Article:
This Signal concerns the risk of harm to infants and children from inadvertent overdose of intravenous paracetamol.
A sample incident reads:
..intended to give a dose of 10mg/kg of paracetamol intravenously, gave 100mg/kg. realised error as soon as dose had been given, asked the ODP to summon Dr XX immediately...suggested how to treat overdose. This consisted of HDU level monitoring, parvolex infusion and monitoring of blood tests.
Intravenous paracetamol (Perfalgan) is used widely in paediatric settings and has become a base analgesic for many clinical procedures. It provides both analgesic and antipyretic actions. It is available as a solution for infusion in 50ml and 100ml vials. The recommended dose is dependent on patient weight with four possible dosing regimens each with recommended maximum daily doses
The NPSA received a number of concerns from anaesthetists, risk managers and pharmacists relating to incidents of inadvertent intravenous paracetamol overdose in children. A search of the National Reporting and Learning System (NRLS) identified 206 relevant incidents (44 neonates * and 162 children) associated with two severe harm, 14 moderate harm, and the remainder low or no harm.
Incident themes include:
- lack of awareness amongst healthcare professionals of neonatal and paediatric drug dosage regimens;
- patients receiving doses of paracetamol in both theatre and ward due to poor documentation;
- human error relating to setting up infusion pumps to administer intravenous paracetamol (incorrect rate or incorrect/ no volume to be infused (VTBI));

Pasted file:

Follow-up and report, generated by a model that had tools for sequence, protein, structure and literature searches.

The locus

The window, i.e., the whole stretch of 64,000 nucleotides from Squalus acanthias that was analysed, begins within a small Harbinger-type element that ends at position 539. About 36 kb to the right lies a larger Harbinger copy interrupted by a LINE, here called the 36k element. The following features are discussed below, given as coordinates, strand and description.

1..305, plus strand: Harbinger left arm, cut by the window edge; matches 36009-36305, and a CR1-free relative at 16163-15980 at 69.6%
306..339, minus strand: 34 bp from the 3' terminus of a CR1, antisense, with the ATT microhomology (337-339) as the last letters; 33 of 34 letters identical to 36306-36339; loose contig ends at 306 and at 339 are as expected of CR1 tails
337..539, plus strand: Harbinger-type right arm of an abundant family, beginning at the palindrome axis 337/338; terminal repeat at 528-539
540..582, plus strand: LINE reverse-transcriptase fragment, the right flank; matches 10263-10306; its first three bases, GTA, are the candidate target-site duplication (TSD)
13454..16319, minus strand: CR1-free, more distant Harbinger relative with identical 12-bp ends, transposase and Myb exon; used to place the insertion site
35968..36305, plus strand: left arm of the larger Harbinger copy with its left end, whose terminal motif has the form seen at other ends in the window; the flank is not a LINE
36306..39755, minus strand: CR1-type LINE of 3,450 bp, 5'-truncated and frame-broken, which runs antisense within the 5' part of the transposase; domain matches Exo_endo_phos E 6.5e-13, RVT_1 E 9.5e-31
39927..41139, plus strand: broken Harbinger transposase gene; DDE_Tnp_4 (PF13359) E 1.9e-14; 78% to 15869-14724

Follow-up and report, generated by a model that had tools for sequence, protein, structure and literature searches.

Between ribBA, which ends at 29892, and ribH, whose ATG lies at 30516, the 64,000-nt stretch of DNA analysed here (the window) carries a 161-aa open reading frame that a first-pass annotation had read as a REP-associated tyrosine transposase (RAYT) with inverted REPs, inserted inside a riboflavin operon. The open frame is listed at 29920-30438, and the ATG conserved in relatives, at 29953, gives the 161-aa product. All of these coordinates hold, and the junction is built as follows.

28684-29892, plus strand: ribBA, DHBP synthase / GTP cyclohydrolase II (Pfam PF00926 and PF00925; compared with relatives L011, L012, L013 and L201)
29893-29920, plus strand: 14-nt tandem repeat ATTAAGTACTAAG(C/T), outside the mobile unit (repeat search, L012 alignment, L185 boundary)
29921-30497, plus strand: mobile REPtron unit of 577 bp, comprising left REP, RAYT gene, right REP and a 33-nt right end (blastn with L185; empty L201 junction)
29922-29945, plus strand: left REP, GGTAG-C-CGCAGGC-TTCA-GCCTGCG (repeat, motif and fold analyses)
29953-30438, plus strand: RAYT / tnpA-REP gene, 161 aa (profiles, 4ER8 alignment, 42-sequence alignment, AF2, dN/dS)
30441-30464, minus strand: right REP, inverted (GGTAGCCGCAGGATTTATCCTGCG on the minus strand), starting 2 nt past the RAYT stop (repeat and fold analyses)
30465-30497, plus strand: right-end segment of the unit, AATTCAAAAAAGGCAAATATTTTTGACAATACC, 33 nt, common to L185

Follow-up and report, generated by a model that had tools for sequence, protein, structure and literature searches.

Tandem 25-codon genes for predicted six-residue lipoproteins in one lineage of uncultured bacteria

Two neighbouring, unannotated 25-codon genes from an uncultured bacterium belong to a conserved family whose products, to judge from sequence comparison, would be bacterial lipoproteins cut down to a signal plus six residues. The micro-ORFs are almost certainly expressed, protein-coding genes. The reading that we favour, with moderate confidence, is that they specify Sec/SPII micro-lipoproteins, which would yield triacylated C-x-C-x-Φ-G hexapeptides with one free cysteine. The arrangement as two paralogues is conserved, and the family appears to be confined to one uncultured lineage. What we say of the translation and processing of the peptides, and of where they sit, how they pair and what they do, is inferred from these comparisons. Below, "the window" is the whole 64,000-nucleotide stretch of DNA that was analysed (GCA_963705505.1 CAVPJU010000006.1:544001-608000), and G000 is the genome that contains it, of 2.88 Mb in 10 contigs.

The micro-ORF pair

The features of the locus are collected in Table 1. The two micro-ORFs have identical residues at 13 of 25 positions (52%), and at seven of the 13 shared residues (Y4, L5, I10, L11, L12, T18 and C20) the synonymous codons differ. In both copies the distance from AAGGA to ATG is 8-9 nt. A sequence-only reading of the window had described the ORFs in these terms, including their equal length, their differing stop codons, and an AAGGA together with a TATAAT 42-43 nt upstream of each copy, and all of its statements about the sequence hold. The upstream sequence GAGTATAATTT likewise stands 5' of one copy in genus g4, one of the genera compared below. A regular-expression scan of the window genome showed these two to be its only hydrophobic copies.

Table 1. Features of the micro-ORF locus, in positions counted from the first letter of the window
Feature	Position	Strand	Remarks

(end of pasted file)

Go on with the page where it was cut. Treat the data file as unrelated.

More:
- confusion between dosing regimens for oral and intravenous paracetamol with clinical staff believing they are interchangeable;
- 10 times dose calculation errors in both the prescription and administration of intravenous paracetamol.
In July 2010 the MHRA released a Drug Safety Bulletin advising vigilance when prescribing and administering paracetamol solution for infusion to ensure the correct dose is given. They advised that dose requirement is based on weight and provided recommended dosing regimens. They also advised that for infants and children weighing less than 33Kg the 50 ml vial should be used for administration.
Please contact us with information about any of your initiatives to reduce risk in this area.
Signals are notifications of key risks emerging from review of serious incidents reported to the NRLS and shared by the NRLS.
*A neonate is defined as any infant aged 0-28 days that may or may not require care on a neonatal unit, or any infant aged over 28 days who is an inpatient on a neonatal unit.